South Africa, long a haven for African immigrants, has been experiencing the worst xenophobic violence in years, with at least five people killed and hundreds displaced in recent weeks. From Johannesburg, VOA’s Anita Powell brings us this report.
Video

Video Sierra Leone President Koroma Bemoans Ebola Impact on Economy

In an interview with VOA's Shaka Ssali on Wednesday, President Ernest Koroma said the outbreak undermined his government’s efforts to boost and restructure the economy after years of civil war.
Video

Video Protester Lands Gyrocopter on Capitol Lawn

A 61-year-old mailman from Florida landed a small aircraft on the Capitol lawn in Washington to bring attention to campaign finance reform and what he says is government corruption. Wednesday's incident was one in a string of security breaches on U.S. government property. Zlatica Hoke reports the gyrocopter landing violated a no-fly zone.
Video

Video Apollo 13, NASA's 'Successful Failure,' Remembered

The Apollo 13 mission in 1970 was supposed to be NASA's third manned trip to the moon, but it became much more. On the flight's 45th anniversary, astronauts and flight directors gathered at Chicago's Adler Planetarium to talk about how the aborted mission changed manned spaceflight and continues to influence space exploration today. VOA’s Kane Farabaugh reports.
Video

Video Badly Burned Ukrainian Boy Bravely Fights Back

A 9-year-old Ukrainian boy has returned to his native country after intensive treatment in the United States for life-threatening burns. Volodia Bubela, burned in a house fire almost a year ago, battled back at a Boston hospital, impressing doctors with his bravery. Faith Lapidus narrates this report from VOA's Tetiana Kharchenko.
Video

Video US Maternity Leave Benefits Much Less Than Many Countries

It was almost 20 years ago that representatives of 189 countries met at a UN conference in Beijing and adopted a plan of action to achieve gender equality around the world. Now, two decades later, the University of California Los Angeles World Policy Analysis Center has issued a report examining what the Beijing Platform for Action has achieved. From Los Angeles, Elizabeth Lee has more.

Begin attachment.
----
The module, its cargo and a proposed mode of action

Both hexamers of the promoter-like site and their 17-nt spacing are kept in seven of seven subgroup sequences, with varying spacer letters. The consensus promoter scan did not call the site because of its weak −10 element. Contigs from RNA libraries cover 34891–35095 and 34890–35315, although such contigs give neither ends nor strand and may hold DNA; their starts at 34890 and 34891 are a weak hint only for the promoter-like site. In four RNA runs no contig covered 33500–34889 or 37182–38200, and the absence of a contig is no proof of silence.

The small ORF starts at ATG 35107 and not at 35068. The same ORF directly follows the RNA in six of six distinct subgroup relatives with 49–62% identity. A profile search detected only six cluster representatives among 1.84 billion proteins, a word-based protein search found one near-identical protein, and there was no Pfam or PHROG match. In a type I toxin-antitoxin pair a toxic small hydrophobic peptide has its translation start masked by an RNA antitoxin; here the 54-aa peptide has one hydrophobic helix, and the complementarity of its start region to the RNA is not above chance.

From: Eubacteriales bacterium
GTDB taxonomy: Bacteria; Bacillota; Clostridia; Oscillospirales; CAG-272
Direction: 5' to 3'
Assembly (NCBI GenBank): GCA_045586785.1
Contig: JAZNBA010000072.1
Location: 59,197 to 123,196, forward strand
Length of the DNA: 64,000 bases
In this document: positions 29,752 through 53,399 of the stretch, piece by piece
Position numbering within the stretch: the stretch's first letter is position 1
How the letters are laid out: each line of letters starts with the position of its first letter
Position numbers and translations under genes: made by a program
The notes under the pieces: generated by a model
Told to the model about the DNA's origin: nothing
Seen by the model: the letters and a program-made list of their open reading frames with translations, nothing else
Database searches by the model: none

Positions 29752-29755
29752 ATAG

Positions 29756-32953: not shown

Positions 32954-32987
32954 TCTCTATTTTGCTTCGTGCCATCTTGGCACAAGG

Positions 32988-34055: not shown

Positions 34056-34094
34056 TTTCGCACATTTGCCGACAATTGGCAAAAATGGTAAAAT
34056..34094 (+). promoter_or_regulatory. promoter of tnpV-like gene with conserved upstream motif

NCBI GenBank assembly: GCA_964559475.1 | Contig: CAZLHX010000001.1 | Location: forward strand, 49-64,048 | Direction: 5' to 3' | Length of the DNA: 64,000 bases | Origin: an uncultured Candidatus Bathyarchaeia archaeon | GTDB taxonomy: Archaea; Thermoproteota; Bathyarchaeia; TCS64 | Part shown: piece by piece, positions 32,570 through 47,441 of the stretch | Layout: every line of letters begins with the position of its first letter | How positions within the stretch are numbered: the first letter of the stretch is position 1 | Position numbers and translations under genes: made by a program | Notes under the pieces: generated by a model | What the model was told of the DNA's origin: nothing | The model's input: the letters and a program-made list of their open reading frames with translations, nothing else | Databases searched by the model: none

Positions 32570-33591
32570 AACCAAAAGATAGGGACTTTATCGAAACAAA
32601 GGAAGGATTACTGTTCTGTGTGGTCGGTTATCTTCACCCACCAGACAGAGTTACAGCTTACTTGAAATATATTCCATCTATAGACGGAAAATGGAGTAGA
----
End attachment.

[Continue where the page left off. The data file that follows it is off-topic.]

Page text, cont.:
Video

Video Endangered Hawaiian Birds Get Second Chance

Of the world's nearly 9,900 bird species, 13 percent are threatened with extinction, according to BirdLife International. Among them are two Hawaiian honeycreepers - tiny birds that live in the forest canopy, and, as the name implies, survive on nectar from tropical flowers. Scientists at the San Diego Zoo report they have managed to hatch half a dozen of their chicks in captivity, raising hopes that the birds will flutter back from the brink of extinction. VOA’s George Putic reports.
Video

Video Exhibit Brings Renaissance Master Out of the Shadows

The National Gallery of Art in Washington has raised the curtain on one of the most intriguing painters of the High Renaissance. Mostly ignored after his death in the early 1500s, Italian master Piero di Cosimo is now claiming his place alongside the best-known artists of the period. VOA’s Ardita Dunellari reports.
Video

Video Sidemen to Famous Blues Artists Record Their Own CD

Legendary blues singer BB King was briefly hospitalized last week and the 87-year-old “King of the Blues” may not be touring much anymore. But some of the musicians who have played with him and other blues legends have now released their own CD in an attempt to pass the torch to younger fans... and put their own talents out front as well. VOA’s Greg Flakus has followed this project over the past year and filed this report from Houston.
Video

Video Iran-Saudi Rivalry Is Stoking Conflict in Yemen

Iran has proposed a peace plan to end the conflict in Yemen, but the idea has received little support from regional rivals like Saudi Arabia. They accuse Tehran of backing the Houthi rebels, who have forced Yemen’s president to flee to Riyadh, and have taken over swaths of Yemen. As Henry Ridgwell reports for VOA, analysts say the conflict is being fueled by the Sunni-Shia rivalry between the two regional powers.

VOA Blogs